Book of the Week: The Design of Everyday Things
This week’s selection is “The Design of Everyday Things” by Don Norman.
This highly popular mass-market book explores the notion of consumer design. The premise is that many items one can find for sale in stores everywhere have deficient designs. The less-than-optimal designs make the items less useful, less used and generally unpopular. The book attempts to open the reader’s eyes to the importance of design.
“The Design of Everyday Things shows that good, usable design is possible. The rules are simple: make things visible, exploit natural relationships that couple function and control, and make intelligent use of constraints. The goal: guide the user effortlessly to the right action on the right control at the right time.”
The book begins with a review of the psychological aspects of machine use in two dimensions: first the complexity of machines as they are used today and how design approaches are employed; and secondly how human behavior and thought react when facing a usage scenario. It’s far more complex than you might imagine.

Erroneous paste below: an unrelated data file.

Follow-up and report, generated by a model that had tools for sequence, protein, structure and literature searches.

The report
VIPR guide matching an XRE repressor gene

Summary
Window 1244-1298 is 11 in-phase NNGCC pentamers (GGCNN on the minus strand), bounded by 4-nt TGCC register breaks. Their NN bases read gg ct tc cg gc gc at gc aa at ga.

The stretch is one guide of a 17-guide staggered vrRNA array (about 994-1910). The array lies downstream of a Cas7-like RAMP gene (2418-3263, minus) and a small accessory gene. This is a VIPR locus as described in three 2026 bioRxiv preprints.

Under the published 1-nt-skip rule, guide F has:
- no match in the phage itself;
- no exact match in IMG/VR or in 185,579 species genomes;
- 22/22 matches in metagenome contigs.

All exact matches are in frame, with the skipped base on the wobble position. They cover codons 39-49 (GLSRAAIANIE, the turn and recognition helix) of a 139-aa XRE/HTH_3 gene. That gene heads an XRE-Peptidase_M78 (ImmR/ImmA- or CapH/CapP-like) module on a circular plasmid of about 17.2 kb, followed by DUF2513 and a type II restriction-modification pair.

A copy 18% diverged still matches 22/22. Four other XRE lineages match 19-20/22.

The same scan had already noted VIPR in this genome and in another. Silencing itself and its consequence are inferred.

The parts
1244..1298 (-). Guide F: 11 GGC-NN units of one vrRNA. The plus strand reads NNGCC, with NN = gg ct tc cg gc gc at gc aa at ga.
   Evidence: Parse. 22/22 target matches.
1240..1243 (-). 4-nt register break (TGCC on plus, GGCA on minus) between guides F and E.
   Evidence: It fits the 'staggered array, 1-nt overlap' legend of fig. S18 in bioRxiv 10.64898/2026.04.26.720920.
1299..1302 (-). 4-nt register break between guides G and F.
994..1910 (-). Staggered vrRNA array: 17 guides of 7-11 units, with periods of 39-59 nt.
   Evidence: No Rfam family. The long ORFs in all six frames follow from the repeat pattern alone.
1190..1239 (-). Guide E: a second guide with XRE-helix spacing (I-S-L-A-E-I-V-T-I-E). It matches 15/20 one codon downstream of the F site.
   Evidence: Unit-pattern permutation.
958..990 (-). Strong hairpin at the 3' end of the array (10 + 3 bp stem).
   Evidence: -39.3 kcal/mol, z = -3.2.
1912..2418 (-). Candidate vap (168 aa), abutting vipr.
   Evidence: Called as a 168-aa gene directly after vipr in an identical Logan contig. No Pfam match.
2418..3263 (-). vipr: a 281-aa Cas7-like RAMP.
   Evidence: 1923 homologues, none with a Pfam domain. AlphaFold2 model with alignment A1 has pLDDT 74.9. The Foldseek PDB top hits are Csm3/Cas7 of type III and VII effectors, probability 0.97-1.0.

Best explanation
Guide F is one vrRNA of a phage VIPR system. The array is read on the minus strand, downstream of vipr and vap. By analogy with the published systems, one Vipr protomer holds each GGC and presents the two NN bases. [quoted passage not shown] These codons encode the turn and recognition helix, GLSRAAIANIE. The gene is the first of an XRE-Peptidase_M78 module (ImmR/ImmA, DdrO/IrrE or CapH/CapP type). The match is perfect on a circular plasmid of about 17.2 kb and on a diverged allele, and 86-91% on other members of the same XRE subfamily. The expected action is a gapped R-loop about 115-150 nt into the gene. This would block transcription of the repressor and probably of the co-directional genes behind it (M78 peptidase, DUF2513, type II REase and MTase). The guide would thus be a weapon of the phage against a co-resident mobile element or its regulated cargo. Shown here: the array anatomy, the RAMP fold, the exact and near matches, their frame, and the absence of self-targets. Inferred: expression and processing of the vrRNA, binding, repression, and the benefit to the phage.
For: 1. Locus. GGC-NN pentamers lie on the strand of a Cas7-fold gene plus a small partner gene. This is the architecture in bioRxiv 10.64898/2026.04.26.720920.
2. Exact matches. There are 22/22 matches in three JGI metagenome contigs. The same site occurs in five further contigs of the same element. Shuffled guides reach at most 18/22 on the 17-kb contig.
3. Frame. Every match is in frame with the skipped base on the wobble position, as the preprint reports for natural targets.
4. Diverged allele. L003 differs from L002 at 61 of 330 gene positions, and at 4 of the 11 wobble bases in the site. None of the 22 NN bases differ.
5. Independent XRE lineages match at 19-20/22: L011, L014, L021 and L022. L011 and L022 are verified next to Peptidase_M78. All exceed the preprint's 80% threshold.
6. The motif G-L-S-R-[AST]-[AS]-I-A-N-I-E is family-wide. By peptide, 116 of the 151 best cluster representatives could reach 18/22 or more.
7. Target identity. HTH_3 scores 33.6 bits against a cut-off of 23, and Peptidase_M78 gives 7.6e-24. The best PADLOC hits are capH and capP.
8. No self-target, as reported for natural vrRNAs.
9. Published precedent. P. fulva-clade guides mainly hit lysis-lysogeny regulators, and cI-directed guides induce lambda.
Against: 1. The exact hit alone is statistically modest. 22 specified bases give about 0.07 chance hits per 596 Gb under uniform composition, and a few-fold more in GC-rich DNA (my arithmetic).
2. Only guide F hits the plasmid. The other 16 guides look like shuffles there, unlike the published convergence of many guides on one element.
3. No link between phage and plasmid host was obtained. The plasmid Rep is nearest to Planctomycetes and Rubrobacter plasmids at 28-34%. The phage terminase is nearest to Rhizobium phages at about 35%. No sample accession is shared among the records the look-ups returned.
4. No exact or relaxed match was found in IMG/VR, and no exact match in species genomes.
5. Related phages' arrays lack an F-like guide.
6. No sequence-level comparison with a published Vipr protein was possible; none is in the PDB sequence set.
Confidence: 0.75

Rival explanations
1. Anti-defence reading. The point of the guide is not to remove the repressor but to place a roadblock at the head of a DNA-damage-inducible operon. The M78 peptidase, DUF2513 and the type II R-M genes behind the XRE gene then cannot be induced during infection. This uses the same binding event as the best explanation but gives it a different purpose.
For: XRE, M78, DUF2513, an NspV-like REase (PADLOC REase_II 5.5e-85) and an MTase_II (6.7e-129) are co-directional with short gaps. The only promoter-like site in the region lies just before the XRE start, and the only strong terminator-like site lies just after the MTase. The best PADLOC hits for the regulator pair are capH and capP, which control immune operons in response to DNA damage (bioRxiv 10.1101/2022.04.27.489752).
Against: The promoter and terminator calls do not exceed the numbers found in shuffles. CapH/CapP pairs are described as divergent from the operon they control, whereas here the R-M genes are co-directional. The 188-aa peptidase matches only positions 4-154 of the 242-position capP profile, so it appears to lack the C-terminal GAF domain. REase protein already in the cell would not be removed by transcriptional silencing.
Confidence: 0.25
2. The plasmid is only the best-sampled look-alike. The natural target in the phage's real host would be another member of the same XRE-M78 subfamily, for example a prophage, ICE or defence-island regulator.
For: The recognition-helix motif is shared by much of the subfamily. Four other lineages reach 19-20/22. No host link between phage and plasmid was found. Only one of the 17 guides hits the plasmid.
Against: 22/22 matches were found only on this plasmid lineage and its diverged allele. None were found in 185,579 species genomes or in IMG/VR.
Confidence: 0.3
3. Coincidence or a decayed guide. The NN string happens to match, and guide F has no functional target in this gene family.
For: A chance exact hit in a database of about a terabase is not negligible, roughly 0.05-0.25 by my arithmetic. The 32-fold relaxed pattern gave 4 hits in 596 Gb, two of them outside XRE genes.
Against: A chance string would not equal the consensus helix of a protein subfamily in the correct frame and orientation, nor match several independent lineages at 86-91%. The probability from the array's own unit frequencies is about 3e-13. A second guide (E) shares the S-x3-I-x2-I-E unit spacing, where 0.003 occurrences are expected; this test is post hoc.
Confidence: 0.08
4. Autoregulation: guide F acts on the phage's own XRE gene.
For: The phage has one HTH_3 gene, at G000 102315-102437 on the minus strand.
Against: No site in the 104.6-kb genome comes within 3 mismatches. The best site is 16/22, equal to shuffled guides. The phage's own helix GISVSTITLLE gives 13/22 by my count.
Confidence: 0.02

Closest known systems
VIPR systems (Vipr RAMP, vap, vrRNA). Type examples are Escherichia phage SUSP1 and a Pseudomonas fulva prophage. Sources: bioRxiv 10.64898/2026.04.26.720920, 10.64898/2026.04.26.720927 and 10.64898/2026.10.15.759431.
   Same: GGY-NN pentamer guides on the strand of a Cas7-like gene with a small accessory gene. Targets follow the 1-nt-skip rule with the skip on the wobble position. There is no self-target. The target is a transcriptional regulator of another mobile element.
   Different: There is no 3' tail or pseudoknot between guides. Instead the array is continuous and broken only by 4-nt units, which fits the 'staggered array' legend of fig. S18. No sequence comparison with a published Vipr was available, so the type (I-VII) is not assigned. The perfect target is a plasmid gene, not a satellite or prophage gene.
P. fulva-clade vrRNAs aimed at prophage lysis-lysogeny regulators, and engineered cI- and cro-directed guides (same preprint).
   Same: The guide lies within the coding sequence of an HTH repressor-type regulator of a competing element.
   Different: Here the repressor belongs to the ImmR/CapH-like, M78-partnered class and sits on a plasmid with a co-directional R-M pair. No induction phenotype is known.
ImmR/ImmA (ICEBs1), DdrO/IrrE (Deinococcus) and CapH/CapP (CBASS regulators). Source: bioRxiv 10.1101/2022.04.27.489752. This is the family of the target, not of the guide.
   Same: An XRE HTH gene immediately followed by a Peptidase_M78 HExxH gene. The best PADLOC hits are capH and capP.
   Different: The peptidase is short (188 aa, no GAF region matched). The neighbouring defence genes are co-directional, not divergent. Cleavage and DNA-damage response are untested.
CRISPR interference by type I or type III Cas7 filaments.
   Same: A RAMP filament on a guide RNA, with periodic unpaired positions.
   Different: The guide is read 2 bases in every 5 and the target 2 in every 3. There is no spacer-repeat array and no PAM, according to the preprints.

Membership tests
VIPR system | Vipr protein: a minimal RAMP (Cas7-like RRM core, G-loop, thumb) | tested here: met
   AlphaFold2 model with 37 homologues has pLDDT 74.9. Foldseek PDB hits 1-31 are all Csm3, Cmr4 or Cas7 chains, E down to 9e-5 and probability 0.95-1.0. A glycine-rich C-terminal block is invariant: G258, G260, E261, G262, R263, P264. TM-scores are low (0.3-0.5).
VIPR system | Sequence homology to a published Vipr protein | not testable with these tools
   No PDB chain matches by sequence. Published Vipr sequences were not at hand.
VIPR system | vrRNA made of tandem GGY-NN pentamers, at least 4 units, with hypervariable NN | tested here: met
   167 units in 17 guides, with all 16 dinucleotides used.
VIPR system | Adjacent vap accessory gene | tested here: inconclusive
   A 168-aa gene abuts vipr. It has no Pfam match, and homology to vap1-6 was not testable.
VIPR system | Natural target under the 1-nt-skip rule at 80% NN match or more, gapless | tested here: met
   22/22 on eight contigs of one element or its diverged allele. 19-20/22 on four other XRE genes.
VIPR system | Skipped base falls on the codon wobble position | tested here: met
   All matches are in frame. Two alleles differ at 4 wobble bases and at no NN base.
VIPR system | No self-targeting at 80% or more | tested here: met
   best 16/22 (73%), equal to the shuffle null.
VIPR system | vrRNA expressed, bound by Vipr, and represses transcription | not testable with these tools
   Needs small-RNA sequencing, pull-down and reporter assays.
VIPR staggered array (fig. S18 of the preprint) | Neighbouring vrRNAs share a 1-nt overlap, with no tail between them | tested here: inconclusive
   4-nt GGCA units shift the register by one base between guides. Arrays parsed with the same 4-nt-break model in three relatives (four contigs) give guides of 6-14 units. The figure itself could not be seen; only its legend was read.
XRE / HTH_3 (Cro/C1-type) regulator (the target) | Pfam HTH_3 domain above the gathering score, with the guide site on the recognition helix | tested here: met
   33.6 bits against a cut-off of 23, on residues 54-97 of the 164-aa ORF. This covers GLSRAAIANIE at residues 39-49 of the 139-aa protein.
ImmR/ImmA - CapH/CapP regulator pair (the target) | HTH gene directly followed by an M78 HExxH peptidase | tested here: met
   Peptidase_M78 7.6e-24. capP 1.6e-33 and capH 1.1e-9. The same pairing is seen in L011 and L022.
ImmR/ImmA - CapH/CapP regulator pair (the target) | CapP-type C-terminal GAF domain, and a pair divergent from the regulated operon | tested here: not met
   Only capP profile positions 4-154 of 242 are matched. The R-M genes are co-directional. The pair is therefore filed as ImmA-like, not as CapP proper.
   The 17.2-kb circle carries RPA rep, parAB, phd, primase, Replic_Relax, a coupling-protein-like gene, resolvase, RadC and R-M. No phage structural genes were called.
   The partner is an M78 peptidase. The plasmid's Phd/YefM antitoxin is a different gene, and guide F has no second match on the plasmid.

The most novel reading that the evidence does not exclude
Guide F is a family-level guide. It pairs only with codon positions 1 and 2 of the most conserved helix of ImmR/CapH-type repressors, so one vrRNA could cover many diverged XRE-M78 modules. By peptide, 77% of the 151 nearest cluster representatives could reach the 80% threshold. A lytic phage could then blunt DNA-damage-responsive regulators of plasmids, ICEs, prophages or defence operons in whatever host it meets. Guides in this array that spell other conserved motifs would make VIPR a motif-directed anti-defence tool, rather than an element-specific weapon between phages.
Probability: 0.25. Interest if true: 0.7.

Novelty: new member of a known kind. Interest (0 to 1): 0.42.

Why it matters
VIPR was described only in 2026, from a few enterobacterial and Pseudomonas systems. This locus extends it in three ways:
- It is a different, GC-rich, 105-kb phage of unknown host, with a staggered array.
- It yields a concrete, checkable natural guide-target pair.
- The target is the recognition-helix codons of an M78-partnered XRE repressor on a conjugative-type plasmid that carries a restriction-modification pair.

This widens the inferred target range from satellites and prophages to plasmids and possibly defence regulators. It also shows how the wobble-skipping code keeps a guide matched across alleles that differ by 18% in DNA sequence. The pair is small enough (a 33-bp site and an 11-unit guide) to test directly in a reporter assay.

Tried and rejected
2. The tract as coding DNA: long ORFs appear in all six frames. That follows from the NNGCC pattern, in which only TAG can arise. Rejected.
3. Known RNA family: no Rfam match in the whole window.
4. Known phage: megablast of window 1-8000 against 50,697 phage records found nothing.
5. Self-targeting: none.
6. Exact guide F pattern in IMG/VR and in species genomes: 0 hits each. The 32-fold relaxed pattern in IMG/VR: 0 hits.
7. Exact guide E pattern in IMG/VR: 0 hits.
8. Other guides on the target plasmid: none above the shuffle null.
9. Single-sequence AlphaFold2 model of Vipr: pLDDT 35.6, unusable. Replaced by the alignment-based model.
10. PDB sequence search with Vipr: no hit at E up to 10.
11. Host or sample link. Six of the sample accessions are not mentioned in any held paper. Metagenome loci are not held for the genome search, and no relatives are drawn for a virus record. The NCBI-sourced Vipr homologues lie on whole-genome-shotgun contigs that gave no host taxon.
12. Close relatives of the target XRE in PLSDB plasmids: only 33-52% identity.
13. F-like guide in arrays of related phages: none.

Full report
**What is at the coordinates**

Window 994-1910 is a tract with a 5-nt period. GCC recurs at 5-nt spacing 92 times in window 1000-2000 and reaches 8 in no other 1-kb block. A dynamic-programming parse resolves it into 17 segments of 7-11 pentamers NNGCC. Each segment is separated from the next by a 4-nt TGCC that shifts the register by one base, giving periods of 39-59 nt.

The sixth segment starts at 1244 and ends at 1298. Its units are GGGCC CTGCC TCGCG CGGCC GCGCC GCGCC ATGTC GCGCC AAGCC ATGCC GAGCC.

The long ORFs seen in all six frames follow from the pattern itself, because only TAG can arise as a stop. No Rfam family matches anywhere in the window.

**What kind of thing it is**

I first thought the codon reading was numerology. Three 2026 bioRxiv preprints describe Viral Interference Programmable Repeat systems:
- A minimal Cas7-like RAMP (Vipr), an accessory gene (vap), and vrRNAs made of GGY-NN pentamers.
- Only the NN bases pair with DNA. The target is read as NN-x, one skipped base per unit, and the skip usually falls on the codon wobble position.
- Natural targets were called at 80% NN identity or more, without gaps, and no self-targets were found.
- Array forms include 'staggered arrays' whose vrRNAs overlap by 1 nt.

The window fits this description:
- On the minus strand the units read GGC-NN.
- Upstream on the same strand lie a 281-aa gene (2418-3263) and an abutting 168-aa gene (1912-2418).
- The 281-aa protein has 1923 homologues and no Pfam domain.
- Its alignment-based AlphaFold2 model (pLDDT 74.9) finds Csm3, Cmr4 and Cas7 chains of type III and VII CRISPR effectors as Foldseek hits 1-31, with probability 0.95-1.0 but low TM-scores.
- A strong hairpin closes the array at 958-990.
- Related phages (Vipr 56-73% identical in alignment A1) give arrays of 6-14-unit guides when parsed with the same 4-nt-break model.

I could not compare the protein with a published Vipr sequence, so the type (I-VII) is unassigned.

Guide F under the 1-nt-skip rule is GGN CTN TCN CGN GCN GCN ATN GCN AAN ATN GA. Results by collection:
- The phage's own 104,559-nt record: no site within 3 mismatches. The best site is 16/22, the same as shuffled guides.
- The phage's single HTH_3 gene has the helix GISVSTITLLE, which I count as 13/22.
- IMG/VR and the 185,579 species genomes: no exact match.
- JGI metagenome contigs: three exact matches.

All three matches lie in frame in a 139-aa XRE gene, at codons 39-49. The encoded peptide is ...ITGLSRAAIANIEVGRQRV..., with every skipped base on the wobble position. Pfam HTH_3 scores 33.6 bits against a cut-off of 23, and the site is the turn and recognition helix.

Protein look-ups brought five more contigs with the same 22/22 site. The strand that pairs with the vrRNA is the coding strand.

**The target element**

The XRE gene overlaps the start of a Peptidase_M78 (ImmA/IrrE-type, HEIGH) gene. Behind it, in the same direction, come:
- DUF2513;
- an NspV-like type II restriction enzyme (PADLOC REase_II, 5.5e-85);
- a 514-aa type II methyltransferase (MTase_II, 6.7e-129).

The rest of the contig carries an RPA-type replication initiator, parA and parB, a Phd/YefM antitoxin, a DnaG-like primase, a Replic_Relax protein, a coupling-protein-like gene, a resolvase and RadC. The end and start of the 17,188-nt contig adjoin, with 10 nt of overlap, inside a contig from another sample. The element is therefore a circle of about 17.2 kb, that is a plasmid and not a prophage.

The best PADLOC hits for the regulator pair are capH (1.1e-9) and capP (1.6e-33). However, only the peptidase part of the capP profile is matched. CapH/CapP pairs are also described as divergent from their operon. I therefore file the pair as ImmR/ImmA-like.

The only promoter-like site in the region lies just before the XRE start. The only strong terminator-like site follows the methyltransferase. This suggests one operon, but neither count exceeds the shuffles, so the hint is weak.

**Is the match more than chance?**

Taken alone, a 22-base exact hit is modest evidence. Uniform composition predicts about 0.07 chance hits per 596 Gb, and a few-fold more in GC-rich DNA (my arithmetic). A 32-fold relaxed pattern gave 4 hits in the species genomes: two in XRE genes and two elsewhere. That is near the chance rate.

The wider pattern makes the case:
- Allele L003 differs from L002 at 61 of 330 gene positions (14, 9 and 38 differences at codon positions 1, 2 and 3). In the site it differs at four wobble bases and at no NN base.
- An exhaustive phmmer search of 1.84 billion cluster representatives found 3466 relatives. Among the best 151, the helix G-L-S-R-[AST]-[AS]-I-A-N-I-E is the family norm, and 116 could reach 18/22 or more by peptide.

For example, Norman explains the “Seven Stages of Action”, and the “Three Levels of Processing”. These are activities that occur naturally within every human brain, but their existence and leverage of them is often ignored by product designers.
Norman explains several aspects of proper product design, exploring human memory, knowledge and constraints, and mistakes.
An entire chapter is dedicated to the practice of Design Thinking, a now popular set of techniques used to decompose a development process into manageable and effective steps.
Finally, Norman matches his prior thinking to business applications, as any product must eventually make its way into the market. Proper designs will greatly help the product achieve success.
We felt it important to include this title in our long-running Book of the Week series as there are many Fabbaloo readers who design their own products, and not just for their own use. Some design products for the market, which just happen to be 3D printed.
My thinking is that any of these 3D printed products could be made better by applying a minimum of modern design principles. By reading this book, a 3D print designer should be able to improve their output, perhaps substantially.
More importantly the often technically-driven among us could be shown a different paradigm for design that is more user-centric and less focused on the needs of the manufacturer.
If you intend on designing products, this is an essential book.